We can be relatively sure that something marvellous took place, which united the despairing and defeated disciples into the new community called ‘church’, but we do not have sufficient evidence to know with any certainty what that marvel was. It is possible, for example, that Jesus did not lose his life through crucifixion, but only his consciousness, and that he regained consciousness only to die shortly afterwards of the wounds received. We will never know. Some claim to know, based on an over-confident reliance either on creeds or scriptures, but such brittle certainties are not for me. I can go no further than a profound and awed agnosticism on these historical claims.
Does that mean I reject the resurrection? No, by no means.
One way of comprehending the reality of the resurrection is to say that it took place not physically in an empty tomb, but spiritually in the hearts of men and women. The Romans, in collusion with the temple authorities and the mob, could use force to kill the man Jesus, but they couldn’t kill his spirit, his Way, his teaching, or his example. These lived on in the community of disciples he left behind.
According to this understanding, Jesus’ death and resurrection can be likened to the breaking of a seed pod – the seeds are useless unless they ‘fall to the ground’ (John 12:24). In dying, Jesus was broken into fragments and scattered amongst the people; the resurrected body of Christ, which will continue his mission of healing, restoring, loving, changing and challenging the world, is not a ‘dead man walking’, but the Church. The same ‘Christly’ anointing of the Holy Spirit that was in Jesus was poured out upon the disciples and proclaimed to all. We see beautiful echoes of this in Communion: the bread of life is broken, and the wine poured out, in order that they may be shared for the joy and sustenance of the whole world.
Unlike a physical resurrection which is alleged to have happened once in the distant past, this spiritual resurrection keeps on happening. Just as Christ was reborn in the first disciples, so Christ is reborn in us today, as we come to acknowledge and follow the Spirit, or the ‘inner light of Christ’, within us.
That’s the easter reality: Christ is resurrected in humanity. The kingdom is here. It is within each of us. There’s no need to argue about what happened, or did not happen, two thousand years ago. Embrace it now.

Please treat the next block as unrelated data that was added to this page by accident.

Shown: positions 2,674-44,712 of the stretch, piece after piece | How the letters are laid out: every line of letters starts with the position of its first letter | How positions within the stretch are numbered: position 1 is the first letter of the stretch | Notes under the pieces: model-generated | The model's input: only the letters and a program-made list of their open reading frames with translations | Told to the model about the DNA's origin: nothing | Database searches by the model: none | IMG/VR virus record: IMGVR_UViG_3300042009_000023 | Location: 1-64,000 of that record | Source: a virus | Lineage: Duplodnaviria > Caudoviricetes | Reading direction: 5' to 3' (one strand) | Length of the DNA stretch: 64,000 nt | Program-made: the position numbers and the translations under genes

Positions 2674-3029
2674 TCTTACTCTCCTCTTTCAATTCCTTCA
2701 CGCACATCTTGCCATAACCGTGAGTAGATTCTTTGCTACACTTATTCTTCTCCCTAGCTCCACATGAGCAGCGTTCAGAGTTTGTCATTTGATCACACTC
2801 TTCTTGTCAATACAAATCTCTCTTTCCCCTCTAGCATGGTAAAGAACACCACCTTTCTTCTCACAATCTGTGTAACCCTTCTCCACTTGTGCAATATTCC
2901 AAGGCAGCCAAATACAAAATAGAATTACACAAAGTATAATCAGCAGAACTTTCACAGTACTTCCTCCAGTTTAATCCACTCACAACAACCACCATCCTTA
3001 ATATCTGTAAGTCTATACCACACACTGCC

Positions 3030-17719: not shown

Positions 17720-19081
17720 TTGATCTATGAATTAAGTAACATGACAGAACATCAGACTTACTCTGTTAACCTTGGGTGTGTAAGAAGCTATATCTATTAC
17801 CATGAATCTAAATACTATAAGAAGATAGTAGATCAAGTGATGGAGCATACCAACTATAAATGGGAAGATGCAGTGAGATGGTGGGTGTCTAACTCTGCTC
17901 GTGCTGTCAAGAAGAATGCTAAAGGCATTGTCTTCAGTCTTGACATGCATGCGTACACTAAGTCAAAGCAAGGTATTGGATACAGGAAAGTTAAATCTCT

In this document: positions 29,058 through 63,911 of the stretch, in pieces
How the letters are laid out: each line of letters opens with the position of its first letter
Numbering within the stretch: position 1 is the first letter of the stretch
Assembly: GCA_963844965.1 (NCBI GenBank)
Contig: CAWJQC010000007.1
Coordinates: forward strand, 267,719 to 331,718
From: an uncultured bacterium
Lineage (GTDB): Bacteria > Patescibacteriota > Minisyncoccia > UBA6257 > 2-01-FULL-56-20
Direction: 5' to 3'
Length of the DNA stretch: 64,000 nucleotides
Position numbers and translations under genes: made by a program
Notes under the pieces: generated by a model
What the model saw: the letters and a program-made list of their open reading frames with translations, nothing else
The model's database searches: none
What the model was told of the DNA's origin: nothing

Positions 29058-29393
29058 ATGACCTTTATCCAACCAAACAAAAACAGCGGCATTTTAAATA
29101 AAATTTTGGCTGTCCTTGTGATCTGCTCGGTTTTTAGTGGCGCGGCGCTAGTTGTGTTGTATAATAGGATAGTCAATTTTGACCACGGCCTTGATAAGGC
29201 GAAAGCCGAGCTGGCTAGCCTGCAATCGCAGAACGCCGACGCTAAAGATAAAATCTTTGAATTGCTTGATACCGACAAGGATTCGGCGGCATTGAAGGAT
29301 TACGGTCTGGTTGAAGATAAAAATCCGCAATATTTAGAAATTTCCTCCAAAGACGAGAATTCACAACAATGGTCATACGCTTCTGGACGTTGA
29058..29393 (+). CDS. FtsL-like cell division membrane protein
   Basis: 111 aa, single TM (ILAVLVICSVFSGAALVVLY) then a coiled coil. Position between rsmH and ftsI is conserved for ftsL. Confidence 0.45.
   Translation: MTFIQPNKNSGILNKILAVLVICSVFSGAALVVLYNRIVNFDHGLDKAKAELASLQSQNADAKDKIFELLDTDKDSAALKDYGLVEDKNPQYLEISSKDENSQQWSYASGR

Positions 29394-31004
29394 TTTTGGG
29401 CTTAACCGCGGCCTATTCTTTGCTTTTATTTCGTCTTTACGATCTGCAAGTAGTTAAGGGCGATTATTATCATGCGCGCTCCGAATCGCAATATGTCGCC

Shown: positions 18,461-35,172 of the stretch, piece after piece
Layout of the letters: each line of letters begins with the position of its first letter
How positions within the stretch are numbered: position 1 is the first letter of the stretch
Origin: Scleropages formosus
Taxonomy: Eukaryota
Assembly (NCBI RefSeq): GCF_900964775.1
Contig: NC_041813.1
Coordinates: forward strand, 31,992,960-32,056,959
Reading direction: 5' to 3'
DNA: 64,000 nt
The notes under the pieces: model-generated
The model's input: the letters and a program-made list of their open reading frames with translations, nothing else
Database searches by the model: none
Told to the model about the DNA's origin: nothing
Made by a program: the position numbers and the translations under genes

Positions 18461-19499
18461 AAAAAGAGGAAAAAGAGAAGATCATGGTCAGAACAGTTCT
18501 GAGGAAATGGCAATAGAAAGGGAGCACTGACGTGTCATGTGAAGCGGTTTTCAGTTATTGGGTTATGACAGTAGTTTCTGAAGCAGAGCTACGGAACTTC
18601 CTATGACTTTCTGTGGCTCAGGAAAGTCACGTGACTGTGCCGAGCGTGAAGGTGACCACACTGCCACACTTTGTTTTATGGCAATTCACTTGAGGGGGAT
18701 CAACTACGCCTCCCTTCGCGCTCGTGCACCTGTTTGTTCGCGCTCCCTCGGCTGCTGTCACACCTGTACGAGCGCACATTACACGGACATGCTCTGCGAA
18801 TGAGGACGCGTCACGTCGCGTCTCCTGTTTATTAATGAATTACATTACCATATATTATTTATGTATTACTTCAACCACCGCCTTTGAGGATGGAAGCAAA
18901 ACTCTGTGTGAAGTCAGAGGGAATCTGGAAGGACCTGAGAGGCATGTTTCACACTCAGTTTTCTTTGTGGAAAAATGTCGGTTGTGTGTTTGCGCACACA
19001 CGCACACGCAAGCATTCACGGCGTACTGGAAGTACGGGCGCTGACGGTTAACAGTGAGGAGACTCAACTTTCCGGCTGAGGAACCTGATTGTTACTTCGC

Whereas many ‘orthodox’ Christians insist that entrance into the life of the Spirit must be bought by blood, or made conditional upon subscribing to certain doctrinal statements, Christian Universalists proclaim with joy that the spirit is in all, however dimly it may appear in some, and however much it may be temporarily masked by the ugliness of ignorance, sin, or squalor.
This means there is no hierarchy of holiness. The Spirit inverts traditional standards of external purity, internally purifying and sanctifying everything it touches. Everyone, every living thing, perhaps everything that exists, is a temple of the Holy Spirit. Some folks comprehend, appreciate and respond to this more quickly and more fully than others, that’s all.
As we become aware of the Spirit within, as we yield to it and follow it, we experience a resurrection within us; we are gently and slowly transformed by an enlightening joy, a profound peace, an enlivening freedom, and quickening love. We are equipped to transform the world, bringing peace, joy, freedom and love to wherever they are needed.
As Quaker Faith & Practice (26.56) puts it:
The resurrection, however literally or otherwise we interpret it, demonstrates the power of God, to bring life out of brokenness; not just to take the hurt out of brokenness but to add something to the world. It helps us to sense the usefulness, the possible meaning in our suffering, and to turn it into a gift. The resurrection affirms me with my pain and my anger at what has happened. It does not take away my pain; it still hurts. But I sense that I am being transfigured; I am being enabled to begin again to love confidently and to remake the spirit of my world. (S Jocelyn Burnell, 1989.)
Now, isn’t that better than a zombie myth?
This isn’t even half of the miracle. The good news is that the Good News keeps on getting better, but I’ll save that part for another day.